Summer of Basics - results (or lack thereof?)

so here I am, Summer of Basics has just wrapped up, and I haven't *exactly* accomplished what I set out to - but this is a not a sad post, this is just a post to wrap things up, give some insight into my making process & share some thoughts I had along the way. 

my sleeveless, half finished dress no 2

my sleeveless, half finished dress no 2

To recap, my Summer of Basics plan was: 
1. A Cline Sweater
2. A Dress No. 2
3. A Peppermint Jumpsuit
To recap on the whole post, you can read that here. 
To date I have: 
1. a front and back of a Cline sweater out of AVFKW Pioneer, in colorway Sourdough (drool!) 
2. a front and back of a dress no 2, sewn together and pinned to be hem... but I haven't managed to cut out the sleeves, pockets, or bias binding.... so.... 
3. no progress on the jumpsuit

These are my main thoughts from this whole process

Screen Shot 2018-08-28 at 1.22.59 PM.png

1. I'm glad things like this exist, to get us thinking more broadly about our wardrobes, but also more critically about how we plan our making. 
2. I don't really like putting goals or dates to my personal making - I end up pushing up against it and feeling not great about it
3. I love knitting with Pioneer <3
4. When I finish my Cline, I will have a full CA-sourced and made Climate Beneficial Wool outfit I can wear (see below) & that makes me STOKED.
5. I'm not so sure about sewing - tbh I only manage to do it in the company of others. maybe this is how i will sew going forward. or maybe I will allocate my budget for making instead to supporting small RTW garment makers that I love? Or maybe I will trade for sewn objects. mainly I am curious to know if I seemingly don't *like* sewing just because I am bad at it right now, or if I genuinely just don't like it? I'm gonna just keep checking in as I sew over time and see how it feels. time will tell on this one, I think.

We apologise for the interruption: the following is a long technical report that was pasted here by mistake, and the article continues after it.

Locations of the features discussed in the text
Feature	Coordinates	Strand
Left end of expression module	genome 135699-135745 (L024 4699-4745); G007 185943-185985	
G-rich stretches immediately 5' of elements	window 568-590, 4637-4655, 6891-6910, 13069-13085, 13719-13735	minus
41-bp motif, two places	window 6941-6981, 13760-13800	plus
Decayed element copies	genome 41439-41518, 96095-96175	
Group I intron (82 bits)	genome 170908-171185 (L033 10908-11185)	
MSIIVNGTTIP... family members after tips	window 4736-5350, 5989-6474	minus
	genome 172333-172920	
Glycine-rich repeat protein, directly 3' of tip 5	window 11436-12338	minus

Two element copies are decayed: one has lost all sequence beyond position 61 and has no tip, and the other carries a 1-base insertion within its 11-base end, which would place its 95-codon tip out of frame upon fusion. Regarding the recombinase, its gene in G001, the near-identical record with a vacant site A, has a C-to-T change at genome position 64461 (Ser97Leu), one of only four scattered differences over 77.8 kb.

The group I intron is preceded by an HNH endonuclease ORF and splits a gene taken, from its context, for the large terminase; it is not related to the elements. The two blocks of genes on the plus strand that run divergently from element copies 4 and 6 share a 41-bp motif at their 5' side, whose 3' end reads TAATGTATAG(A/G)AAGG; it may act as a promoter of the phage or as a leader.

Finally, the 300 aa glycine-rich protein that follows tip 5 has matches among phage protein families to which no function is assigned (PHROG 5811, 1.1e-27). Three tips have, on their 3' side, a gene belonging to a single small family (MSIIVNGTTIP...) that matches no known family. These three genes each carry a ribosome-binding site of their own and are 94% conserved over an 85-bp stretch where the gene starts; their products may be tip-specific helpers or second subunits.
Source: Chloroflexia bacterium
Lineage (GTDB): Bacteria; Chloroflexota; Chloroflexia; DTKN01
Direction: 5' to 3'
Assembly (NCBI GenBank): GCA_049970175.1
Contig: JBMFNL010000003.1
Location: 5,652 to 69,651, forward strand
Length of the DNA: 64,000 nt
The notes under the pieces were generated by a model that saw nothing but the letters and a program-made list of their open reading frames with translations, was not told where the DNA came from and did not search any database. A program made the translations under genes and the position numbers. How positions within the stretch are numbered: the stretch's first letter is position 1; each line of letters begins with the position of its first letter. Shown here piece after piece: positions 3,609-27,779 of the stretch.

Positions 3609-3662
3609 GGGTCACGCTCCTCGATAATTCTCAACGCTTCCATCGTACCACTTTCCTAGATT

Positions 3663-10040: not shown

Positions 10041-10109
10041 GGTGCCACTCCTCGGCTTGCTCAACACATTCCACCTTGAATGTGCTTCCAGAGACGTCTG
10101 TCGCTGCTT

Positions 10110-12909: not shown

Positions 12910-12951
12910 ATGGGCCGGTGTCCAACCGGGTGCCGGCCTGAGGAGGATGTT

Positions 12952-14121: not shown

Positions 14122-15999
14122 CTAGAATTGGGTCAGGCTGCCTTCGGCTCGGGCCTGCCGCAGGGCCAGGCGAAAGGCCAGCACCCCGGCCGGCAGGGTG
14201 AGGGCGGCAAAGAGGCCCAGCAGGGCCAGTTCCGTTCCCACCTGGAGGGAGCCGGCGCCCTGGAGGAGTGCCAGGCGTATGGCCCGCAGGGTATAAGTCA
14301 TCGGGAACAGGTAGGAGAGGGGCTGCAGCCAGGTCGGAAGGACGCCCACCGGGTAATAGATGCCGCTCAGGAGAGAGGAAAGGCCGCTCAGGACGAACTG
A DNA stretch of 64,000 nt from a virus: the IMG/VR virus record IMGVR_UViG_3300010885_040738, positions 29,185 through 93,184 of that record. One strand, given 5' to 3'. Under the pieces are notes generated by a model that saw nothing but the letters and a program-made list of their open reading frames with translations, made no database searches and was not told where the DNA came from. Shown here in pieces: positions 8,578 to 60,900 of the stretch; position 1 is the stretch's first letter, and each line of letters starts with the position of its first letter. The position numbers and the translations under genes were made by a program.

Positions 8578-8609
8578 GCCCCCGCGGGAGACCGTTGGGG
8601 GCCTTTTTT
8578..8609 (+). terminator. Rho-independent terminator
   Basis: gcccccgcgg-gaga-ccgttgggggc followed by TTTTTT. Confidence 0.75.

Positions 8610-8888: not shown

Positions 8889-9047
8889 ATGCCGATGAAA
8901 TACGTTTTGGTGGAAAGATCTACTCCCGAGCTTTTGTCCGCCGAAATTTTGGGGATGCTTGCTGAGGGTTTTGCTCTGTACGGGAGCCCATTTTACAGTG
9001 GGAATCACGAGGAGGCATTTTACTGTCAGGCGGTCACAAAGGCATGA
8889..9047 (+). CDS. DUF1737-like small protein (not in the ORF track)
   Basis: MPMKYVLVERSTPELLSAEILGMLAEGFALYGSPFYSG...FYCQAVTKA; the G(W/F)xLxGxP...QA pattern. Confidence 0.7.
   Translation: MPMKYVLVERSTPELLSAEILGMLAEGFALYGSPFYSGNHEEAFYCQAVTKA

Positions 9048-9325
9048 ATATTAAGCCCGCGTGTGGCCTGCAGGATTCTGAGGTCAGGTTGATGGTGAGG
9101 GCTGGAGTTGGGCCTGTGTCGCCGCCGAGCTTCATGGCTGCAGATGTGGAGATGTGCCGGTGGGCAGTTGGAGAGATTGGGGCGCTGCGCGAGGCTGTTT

Roku hat made from AVFKW Range (discontinued) - CA Climate Beneficial Wool&nbsp;

Roku hat made from AVFKW Range (discontinued) - CA Climate Beneficial Wool 

GDS Cloth Goods Smock made from Lani's CA Climate beneficial Rambouillet&nbsp;

GDS Cloth Goods Smock made from Lani's CA Climate beneficial Rambouillet 

there you have it. a (lack of) progress on my making plans, but a lot of joy this summer, a lot of slowing down, being outside, learning what I'm like when I'm falling in love in a healthy way. A lot of family time, a lot of boundary setting for myself and my work, and really, I'm pretty pleased with what I've gotten done so far. 

Did you do summer of basics? What was your experience like? I'd love to hear yours! 


your ani 

Summer of Basics - a plan

you know Karen Templer, right? I pretty much assume anyone who reads this/follows me probably already knows about Karen. But if you don't (you can thank me later ;) )  you can familiarize yourself here. Basically, she is a powerhouse of handmade wardrobe inspiration and blogging and knitting notion supplies.

(screen grab from Karen's blog Fringe Association)&nbsp;

(screen grab from Karen's blog Fringe Association)